Marine Protected Areas: A Central Debate of 21st Century Fishing

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Earth Journalism Network, Washingon, DC

There are some in the marine conservation community that believe that no matter how much fishing is controlled and how well quotas are managed, large portions of the ocean still need to be set aside as marine protected areas, or MPA as they have come to be called. Industrial fishing techniques such as bottom trawling damage marine habitats and it can take many years for a trawled environment to recover. MPAs and other forms of protection currently encompass less than 2 percent of the ocean. But there is now emerging a substantial global marine protected area movement. This is particularly notable in the Pacific where recently large tracts of the ocean have received new protected status around island nations in the last ten years There is also a growing movement to protect a large area of the Ross Sea in the Antarctic as a marine protected area.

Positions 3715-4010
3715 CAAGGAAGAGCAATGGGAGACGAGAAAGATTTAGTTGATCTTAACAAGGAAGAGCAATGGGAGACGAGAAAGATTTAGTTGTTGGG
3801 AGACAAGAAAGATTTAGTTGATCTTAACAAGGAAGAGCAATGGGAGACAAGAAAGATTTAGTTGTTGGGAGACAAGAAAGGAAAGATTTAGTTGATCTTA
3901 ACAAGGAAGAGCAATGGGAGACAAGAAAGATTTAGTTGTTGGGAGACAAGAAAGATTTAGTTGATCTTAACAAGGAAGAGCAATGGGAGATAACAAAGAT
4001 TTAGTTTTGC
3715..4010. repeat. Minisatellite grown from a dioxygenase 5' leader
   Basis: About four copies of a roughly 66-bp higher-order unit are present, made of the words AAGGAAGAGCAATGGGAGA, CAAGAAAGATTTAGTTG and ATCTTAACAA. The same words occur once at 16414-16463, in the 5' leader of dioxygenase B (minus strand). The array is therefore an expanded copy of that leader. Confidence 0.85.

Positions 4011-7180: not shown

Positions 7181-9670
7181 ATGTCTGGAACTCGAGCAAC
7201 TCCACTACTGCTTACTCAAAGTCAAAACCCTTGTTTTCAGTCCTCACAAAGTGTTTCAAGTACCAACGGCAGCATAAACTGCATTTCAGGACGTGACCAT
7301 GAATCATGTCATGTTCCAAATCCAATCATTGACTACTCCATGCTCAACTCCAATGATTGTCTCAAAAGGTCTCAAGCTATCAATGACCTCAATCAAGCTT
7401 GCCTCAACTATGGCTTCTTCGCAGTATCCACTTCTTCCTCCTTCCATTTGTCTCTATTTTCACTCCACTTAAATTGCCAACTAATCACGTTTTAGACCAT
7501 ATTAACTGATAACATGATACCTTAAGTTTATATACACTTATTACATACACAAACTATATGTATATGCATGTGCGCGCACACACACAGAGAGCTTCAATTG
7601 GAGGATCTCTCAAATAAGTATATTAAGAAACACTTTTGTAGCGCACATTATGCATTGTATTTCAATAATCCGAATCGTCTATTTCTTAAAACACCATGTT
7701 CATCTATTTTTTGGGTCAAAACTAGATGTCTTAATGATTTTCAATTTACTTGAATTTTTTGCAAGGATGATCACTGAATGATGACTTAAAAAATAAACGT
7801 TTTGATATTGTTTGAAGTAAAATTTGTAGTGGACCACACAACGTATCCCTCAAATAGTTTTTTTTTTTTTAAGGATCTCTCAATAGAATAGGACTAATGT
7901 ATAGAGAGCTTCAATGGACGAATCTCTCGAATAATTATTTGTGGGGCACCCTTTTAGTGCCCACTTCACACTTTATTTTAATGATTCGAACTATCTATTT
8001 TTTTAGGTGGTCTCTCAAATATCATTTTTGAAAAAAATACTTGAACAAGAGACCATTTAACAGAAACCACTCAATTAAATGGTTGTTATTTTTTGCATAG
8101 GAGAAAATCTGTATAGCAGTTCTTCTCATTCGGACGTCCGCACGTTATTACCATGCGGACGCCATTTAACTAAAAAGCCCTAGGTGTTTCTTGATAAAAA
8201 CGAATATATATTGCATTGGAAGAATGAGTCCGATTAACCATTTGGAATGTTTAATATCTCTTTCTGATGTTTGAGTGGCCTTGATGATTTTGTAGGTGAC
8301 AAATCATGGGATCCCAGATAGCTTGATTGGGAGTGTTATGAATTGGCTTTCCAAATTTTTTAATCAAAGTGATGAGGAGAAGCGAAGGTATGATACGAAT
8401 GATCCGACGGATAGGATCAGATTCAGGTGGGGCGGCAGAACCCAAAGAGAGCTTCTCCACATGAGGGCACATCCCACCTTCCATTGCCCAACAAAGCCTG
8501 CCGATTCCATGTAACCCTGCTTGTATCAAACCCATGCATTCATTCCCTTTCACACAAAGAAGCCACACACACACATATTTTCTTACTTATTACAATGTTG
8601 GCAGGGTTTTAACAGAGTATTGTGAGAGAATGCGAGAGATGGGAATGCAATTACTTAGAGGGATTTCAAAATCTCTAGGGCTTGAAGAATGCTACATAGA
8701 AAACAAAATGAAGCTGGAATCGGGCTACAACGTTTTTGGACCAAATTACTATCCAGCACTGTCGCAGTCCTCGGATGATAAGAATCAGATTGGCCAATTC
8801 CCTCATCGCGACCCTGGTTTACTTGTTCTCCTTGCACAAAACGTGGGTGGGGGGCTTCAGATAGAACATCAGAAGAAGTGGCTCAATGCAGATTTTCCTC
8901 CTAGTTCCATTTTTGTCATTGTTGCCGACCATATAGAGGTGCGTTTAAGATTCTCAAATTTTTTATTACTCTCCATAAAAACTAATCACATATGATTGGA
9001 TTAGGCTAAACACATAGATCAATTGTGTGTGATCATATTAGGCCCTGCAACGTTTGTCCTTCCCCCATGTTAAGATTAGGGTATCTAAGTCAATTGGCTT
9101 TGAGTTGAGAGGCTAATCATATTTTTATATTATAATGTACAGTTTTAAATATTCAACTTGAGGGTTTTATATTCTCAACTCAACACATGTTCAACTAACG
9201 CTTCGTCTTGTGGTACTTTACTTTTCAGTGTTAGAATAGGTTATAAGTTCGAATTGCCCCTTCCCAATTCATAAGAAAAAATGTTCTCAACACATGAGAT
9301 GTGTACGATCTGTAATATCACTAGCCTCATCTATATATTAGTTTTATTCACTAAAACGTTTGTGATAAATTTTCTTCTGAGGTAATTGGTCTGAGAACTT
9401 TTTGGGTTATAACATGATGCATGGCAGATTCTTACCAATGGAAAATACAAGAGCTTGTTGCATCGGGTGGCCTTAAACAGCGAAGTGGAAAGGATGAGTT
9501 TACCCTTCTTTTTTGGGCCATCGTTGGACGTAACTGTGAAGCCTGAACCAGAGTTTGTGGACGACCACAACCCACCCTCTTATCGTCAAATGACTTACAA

One of the key things that MPAs accomplish is the protection of the largest spawning females. “Big Old Fat Female Fish” or “BOFFF’s” as fisheries scientists call the biggest, older breeders, lay exponentially more eggs than smaller individuals and preservation of these larger fish is typically very difficult in environments that are heavily fished.

While embraced by conservationists around the world, the fishing industry has historically opposed MPAs and some fisheries scientists like the University of Washington’s Ray Hilborn assert that there are significant downsides to the implementation of MPAs. This debate is likely to be a key one for journalists to track in the years ahead.